Pilot Study of Mental Simulation of People Movement During Evacuations





Mental Simulation, People Movement, Evacuation, Modeling


Mental simulation of people movement forms a core component of pedestrian/evacuation analysis and planning, albeit one that is rarely addressed. It can be defined as the process by which a practitioner develops a narrative of how people within a built environment may move to inform a decision-making process regarding architectural or procedural design. There are a range of contexts in which a practitioner may use mental simulation. These can include assisting with identifying problems associated with architecture/procedural design and comparing with pedestrian/evacuation modelling results to suggest if these are in line with expectations.. Little research has been conducted exploring the process by which practitioners mentally simulate people movement, its efficacy, and what factors influence this process. This paper is intended to provide insights regarding this process. Results from an online survey are presented where expert practitioners where asked questions about a range of hypothetical evacuation scenarios with increasing complexity regarding what they expected the total evacuation time to be and how many people they expected to use each exit if they were simulated in a pedestrian/evacuation model. Participants were also asked how confident they were with their results. The survey data was then compared with results with evacuation model results of the same scenarios. Key findings from the study highlight that as the floor plan layout and behavioural complexity increase in a scenario, the greater the level of variation in responses between practitioners along with decreasing levels of accuracy and levels of confidence in their perceived ability for performing mental simulation of people movement. Floor plan and exit symmetry appear to influence a practitioner’s ability to mentally simulate people movement in terms of estimating evacuation times and exit usage when layouts/exit locations change.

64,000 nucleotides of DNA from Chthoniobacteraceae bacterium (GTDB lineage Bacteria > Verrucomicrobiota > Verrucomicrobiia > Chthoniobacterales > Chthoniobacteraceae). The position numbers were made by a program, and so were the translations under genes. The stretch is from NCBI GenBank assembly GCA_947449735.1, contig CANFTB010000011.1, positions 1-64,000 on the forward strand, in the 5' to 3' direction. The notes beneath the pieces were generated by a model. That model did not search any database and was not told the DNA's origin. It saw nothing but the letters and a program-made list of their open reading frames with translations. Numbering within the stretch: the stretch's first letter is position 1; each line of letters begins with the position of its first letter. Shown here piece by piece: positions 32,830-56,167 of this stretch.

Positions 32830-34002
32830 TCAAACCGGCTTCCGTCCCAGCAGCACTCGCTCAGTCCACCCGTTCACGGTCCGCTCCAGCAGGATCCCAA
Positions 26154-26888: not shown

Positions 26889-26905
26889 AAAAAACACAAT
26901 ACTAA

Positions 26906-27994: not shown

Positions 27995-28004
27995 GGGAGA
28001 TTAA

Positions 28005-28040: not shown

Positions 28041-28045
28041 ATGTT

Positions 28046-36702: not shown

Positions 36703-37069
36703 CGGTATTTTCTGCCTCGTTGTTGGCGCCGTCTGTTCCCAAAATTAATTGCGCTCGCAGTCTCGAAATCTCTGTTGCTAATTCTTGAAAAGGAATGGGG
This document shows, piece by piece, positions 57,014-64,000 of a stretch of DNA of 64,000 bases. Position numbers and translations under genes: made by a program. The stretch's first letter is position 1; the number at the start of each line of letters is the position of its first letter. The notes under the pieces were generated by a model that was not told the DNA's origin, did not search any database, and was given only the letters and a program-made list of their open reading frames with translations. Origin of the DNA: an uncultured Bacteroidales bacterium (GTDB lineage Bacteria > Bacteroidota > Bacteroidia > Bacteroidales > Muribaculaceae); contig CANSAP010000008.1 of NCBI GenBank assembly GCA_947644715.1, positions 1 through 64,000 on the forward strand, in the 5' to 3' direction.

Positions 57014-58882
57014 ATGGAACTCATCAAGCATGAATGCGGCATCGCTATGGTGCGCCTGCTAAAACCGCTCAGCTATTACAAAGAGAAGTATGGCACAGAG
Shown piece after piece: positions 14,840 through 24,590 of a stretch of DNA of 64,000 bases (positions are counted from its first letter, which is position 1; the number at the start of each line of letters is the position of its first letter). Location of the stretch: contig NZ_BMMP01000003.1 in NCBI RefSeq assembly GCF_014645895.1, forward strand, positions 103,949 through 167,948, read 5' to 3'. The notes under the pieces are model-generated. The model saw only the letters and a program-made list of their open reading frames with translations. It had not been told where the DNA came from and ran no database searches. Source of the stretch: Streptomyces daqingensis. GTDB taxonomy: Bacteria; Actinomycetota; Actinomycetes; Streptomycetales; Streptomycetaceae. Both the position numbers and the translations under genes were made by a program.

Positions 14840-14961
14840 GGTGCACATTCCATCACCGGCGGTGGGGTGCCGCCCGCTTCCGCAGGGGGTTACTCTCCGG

Hurley, M.J., Gottuk, D., Hall, J.R., Harada, K., Kuligowski, E., Puchovsky, M., Torero, J., Watts, J.M., Wieczorek, C. (eds.): SFPE Handbook of Fire Protection Engineering. Springer, New York, NY (2016). doi:10.1007/978-1-4939-2565-0

De Groot, A.D.: Thought and Choice in Chess. Mouton Publishers, The Hague (1965)

Kahneman, D., Tversky, A.: The simulation heuristic. In: Daniel Kahneman Paul Slovic, A.T. (ed.) Judgment under Uncertainty: Heuristics and Biases. Cambridge University Press, Cambridge (1998)

Klein, G.A.: Sources of Power: How People Make Decisions. MIT Press (1999)

Bloom, B.S., Broder, L.J.: Problem-solving processes of college students. Supplementary Educational Monographs (1950)

Klein, G., Crandall, B.W.: The role of mental simulation in problem solving and decision making. In: Local Applications of the Ecological Approach to Human Machine Systems. CRC Press (1995)

Cover image




How to Cite

Kinsey, M., & Gwynne, S. (2024). Pilot Study of Mental Simulation of People Movement During Evacuations. Collective Dynamics, 9, 1–8. https://doi.org/10.17815/CD.2024.175



Special Issue of Pedestrian and Evacuation Dynamics 2023